Consumer Advisory Panel


The Consumer Advisory Panel (CAP) provides ANZUP with invaluable advice on specific studies, general research directions and priorities from a consumer perspective. The CAP also provides a conduit for communication from ANZUP back to the community in order to promote research and engage community support.

Each CAP member brings their own cancer experience, professional expertise, networks, advocacy knowledge and a dedication to the clinical trials research process. Members participate on various ANZUP committees and contribute to many prostate, bladder, kidney, penile and testicular cancer research, advocacy, support and fundraising projects.


Belinda Jago, Chair

Belinda Jago has been the Chair of the ANZUP Consumer Advisory Panel (CAP) since 2013. Belinda professionally has worked in human resources in a variety of operational and strategic HR roles after completing a Bachelor of Business in 1981. Belinda’s interest in ANZUP stems from her role as a carer for her daughter who was diagnosed with kidney cancer in 2006 at the early age of 13. Volunteering with ANZUP since 2012 has provided an opportunity for Belinda to share the knowledge and skills she has acquired during her family’s experience and to pursue her passion for assisting cancer patients, their carers and families, with a particular interest in kidney and Adolescent and Young Adults (AYA) cancers and clinical trial research.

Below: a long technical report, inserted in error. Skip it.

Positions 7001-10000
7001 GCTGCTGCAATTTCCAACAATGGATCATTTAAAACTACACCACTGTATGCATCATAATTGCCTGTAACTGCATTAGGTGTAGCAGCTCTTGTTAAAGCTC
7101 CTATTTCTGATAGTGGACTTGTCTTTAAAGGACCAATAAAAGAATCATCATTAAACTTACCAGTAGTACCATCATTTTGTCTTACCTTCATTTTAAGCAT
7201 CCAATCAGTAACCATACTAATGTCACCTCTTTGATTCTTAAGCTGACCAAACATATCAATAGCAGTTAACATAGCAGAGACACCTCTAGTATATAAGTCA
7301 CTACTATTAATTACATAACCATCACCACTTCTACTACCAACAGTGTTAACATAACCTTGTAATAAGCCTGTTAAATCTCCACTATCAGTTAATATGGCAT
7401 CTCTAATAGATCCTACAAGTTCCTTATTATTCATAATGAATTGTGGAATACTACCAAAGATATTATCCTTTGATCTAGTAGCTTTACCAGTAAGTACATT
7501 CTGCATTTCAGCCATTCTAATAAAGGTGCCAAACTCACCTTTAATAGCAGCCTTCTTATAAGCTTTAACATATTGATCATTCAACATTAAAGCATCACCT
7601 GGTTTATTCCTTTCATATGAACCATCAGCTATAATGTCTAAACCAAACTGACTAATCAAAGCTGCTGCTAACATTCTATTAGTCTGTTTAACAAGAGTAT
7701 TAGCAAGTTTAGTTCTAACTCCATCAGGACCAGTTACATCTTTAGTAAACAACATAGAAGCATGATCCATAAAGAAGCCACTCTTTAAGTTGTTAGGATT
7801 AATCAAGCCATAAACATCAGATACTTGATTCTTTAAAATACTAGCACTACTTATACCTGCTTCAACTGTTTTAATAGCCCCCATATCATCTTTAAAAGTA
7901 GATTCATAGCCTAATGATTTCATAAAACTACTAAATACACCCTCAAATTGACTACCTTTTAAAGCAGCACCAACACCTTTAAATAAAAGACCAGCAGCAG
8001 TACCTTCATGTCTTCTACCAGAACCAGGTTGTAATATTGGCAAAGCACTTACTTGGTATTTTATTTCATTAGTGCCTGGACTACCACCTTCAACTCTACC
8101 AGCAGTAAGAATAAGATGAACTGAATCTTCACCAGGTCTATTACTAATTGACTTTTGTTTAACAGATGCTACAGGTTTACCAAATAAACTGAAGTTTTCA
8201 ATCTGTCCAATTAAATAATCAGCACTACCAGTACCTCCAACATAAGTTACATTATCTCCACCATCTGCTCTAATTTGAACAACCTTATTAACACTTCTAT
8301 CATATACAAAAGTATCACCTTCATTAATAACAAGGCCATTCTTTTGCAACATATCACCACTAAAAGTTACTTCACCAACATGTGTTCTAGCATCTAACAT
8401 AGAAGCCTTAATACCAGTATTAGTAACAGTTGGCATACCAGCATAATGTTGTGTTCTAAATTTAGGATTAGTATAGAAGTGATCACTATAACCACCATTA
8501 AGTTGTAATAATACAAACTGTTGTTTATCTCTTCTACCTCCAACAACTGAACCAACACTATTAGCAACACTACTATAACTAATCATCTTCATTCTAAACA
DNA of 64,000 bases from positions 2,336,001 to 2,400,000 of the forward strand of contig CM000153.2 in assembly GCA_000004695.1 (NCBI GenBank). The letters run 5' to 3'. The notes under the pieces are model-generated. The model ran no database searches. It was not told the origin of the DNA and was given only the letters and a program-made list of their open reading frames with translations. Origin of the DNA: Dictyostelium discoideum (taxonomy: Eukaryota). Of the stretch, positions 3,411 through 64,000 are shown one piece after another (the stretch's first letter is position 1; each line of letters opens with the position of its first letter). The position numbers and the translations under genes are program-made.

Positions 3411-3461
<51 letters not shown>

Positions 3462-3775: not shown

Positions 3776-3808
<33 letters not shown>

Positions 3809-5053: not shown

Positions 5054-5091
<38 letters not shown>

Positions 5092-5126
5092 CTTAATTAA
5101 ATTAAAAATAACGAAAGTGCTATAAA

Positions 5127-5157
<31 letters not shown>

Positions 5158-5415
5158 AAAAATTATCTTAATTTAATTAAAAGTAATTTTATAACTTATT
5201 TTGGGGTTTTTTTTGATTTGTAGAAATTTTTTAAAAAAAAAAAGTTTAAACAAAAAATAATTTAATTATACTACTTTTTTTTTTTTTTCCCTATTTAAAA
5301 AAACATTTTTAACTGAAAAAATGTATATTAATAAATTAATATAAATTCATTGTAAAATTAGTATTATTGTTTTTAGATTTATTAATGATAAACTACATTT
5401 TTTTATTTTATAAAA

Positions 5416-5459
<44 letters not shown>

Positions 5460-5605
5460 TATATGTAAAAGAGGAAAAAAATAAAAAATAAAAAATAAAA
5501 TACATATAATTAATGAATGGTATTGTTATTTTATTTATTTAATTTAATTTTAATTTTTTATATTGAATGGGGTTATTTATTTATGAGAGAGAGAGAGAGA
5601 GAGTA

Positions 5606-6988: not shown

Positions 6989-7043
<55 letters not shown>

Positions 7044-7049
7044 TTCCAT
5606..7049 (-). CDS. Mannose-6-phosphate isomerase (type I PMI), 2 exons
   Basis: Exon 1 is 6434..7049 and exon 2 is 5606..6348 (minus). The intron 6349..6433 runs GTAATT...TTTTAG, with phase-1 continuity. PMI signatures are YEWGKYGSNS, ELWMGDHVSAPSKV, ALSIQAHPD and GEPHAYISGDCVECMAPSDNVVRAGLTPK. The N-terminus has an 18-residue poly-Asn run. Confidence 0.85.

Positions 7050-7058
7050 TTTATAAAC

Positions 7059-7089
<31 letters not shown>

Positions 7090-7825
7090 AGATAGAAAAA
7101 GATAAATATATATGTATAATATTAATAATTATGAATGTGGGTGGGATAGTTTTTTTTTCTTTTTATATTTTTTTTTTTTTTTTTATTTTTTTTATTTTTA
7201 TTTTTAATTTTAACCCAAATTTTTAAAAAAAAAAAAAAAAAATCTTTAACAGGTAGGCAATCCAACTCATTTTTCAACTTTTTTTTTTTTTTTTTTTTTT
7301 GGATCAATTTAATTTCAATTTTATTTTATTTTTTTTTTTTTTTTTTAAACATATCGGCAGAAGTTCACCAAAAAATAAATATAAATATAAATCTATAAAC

Ray Allen, Deputy Chair

Ray is in his 60’s, and has moved on from his working career. He doesn’t use the word retired and prefers to describe himself as ‘getting on with life’. He spent almost his entire working career in the commercial property industry with the last 20 years in property related investment banking and funds management. He resisted all invitations to ‘suit-up’ and return to the boardroom. Ray believes there is so much else to be done. He ascribes to a doctrine of enabling. He’s a very keen follower of the performing arts, with a particular leaning to opera and classical music. With a personal commitment to engaging youth with opera he assists the students and staff of a regional Conservatorium of Music to stage an annual, full opera production involving young people. A few years back, Ray was diagnosed with prostate cancer and subsequently had a radical prostatectomy. He said it was certainly a life changer and so far so good. He doesn’t shy away from talking about the disease, its diagnosis, consequences, and management. His involvement over the past few years with ANZUP has been a great opportunity to channel his experience to help others and to increase community awareness and encourage participation in valuable clinical trials.